Global Investigations Review - The law and practice of international investigations

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Wednesday, 14 August 2019

Craig FARA trial delayed for “two to three days”

US District Court Judge Amy Berman Jackson of the District of Columbia has said that she may have violated ex-Skadden Arps Slate Meagher & Flom lawyer Greg Craig’s constitutional right to a public trial by conducting jury selection in private, Politico reports.

Craig faces one charge of allegedly making a false statement under the US Foreign Agents Registration Act (FARA). He has pleaded not guilty. 

Jackson reportedly told the court on 13 August that a fresh jury pool needed to be assembled and, consequently, the trial would be “delay[ed] … by two to three days”.

Jackson reportedly made the decision to limit public access to part of the selection process because some jurors objected to answering questions in public. 

Last week GIR reported that Craig's lawyers had successfully appealed a second count of making a false statement under FARA.

Lula’s lawyers ask court for access to leaked messages

Lawyers of former Brazilian president Luiz Inácio Lula da Silva asked the Supremo Tribunal Federal (STF) on 13 August for Lula’s release on the basis that his right to fair trial was violated, according to local reports.

The lawyers asked the STF to review evidence seized during a separate investigation into hacking of messages between then-judge and now Justice Minister Sérgio Moro and federal prosecutors. Investigative news outlet The Intercept published the private messages in June, which show Moro mocking Lula’s defence strategy and directing prosecutors’ media response.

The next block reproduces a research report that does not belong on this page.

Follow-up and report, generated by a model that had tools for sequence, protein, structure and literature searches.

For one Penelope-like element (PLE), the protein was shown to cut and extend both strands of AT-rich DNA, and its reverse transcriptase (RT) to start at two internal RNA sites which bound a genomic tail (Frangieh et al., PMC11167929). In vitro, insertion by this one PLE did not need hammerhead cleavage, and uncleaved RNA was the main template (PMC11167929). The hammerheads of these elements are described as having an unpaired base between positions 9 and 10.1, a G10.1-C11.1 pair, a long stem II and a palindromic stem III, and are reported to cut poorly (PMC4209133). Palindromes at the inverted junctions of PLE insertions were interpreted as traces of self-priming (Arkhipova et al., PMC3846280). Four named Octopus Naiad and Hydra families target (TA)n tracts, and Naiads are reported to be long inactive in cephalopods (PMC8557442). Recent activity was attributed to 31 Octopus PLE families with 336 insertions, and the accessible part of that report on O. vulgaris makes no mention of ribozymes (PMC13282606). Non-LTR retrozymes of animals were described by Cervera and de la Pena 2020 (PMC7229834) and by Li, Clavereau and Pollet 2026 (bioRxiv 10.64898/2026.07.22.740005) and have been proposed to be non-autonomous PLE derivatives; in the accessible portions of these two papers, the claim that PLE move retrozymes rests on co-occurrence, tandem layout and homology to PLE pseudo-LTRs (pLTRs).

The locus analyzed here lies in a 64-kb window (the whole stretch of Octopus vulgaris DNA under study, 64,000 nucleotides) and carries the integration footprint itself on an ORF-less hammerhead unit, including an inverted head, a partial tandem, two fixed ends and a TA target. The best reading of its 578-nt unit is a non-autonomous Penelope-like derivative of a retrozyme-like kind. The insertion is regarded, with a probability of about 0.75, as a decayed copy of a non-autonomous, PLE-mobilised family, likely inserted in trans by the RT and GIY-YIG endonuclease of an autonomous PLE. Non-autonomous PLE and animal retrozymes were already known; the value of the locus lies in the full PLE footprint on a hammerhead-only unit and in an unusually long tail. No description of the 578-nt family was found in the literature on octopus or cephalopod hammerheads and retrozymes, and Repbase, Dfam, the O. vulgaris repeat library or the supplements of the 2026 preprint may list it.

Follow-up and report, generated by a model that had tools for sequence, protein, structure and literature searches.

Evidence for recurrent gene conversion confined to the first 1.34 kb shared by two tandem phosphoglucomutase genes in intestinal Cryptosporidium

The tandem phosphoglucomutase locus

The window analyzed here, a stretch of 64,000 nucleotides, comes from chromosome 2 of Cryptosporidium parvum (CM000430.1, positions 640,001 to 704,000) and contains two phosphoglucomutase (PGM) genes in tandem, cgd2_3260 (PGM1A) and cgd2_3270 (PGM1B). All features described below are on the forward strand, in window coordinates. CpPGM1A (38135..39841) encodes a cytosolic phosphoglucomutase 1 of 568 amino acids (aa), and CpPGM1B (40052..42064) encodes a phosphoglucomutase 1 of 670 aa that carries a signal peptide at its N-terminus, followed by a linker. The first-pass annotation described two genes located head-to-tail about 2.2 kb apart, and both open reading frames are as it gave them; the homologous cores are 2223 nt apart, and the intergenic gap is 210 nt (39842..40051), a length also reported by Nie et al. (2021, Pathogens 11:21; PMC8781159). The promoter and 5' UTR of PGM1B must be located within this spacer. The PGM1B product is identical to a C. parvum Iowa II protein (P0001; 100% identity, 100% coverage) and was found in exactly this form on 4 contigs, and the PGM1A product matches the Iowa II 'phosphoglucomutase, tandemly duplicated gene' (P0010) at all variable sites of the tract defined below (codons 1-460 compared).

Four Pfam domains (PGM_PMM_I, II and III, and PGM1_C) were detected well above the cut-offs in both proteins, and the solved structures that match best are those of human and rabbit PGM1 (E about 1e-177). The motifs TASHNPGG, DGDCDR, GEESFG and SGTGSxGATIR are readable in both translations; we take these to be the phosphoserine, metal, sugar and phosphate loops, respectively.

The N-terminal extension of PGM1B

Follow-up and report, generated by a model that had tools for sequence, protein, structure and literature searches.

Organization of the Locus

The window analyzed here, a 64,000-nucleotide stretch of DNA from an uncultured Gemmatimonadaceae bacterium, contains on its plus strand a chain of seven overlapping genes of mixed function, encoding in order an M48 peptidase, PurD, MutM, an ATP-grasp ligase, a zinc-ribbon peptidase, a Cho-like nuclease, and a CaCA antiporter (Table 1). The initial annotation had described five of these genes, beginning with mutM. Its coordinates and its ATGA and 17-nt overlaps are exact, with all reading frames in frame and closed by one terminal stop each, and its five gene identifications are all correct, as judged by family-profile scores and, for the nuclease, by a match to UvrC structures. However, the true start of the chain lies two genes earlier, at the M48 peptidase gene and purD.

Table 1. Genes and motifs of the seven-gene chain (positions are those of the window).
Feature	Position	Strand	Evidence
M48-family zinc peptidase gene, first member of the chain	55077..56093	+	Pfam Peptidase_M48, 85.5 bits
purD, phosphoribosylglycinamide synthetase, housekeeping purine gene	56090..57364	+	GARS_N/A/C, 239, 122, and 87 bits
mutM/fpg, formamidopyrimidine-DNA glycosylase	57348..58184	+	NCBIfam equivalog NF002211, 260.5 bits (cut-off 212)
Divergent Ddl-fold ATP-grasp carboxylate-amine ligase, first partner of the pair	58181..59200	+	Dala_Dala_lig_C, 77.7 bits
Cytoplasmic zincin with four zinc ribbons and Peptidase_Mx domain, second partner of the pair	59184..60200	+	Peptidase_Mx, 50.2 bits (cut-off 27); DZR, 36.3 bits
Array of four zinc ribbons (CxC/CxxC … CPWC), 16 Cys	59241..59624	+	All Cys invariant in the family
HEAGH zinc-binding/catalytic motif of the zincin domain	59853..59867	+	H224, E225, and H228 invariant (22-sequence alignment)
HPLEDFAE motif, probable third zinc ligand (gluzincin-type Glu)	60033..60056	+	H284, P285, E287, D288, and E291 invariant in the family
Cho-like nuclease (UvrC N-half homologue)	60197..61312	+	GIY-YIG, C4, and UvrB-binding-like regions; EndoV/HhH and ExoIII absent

Federal Police arrested four individuals suspected of hacking the phone messages on 24 July.

Lula has been in prison since April 2018 after being sentenced to 12 years in jail for corruption and money laundering in July 2017. 

UK NCA freezes accounts holding over £100 million

Westminster Magistrates Court on 12 August granted the UK National Crime Agency (NCA) freezing orders on eight bank accounts.

The NCA said in a statement on 14 August that it believes the accounts contain over £100 million in funds derived from bribery and corruption overseas.

The order authorises the NCA to investigative the funds, and if found to be derived from or intended for unlawful conduct the NCA can seek to recover the money under the Criminal Finances Act.

In May, in an unrelated case the NCA secured an account forfeiture order for £25,000 held in a Barclays account belonging to the niece of Syrian ruler, Bashar al-Assad.

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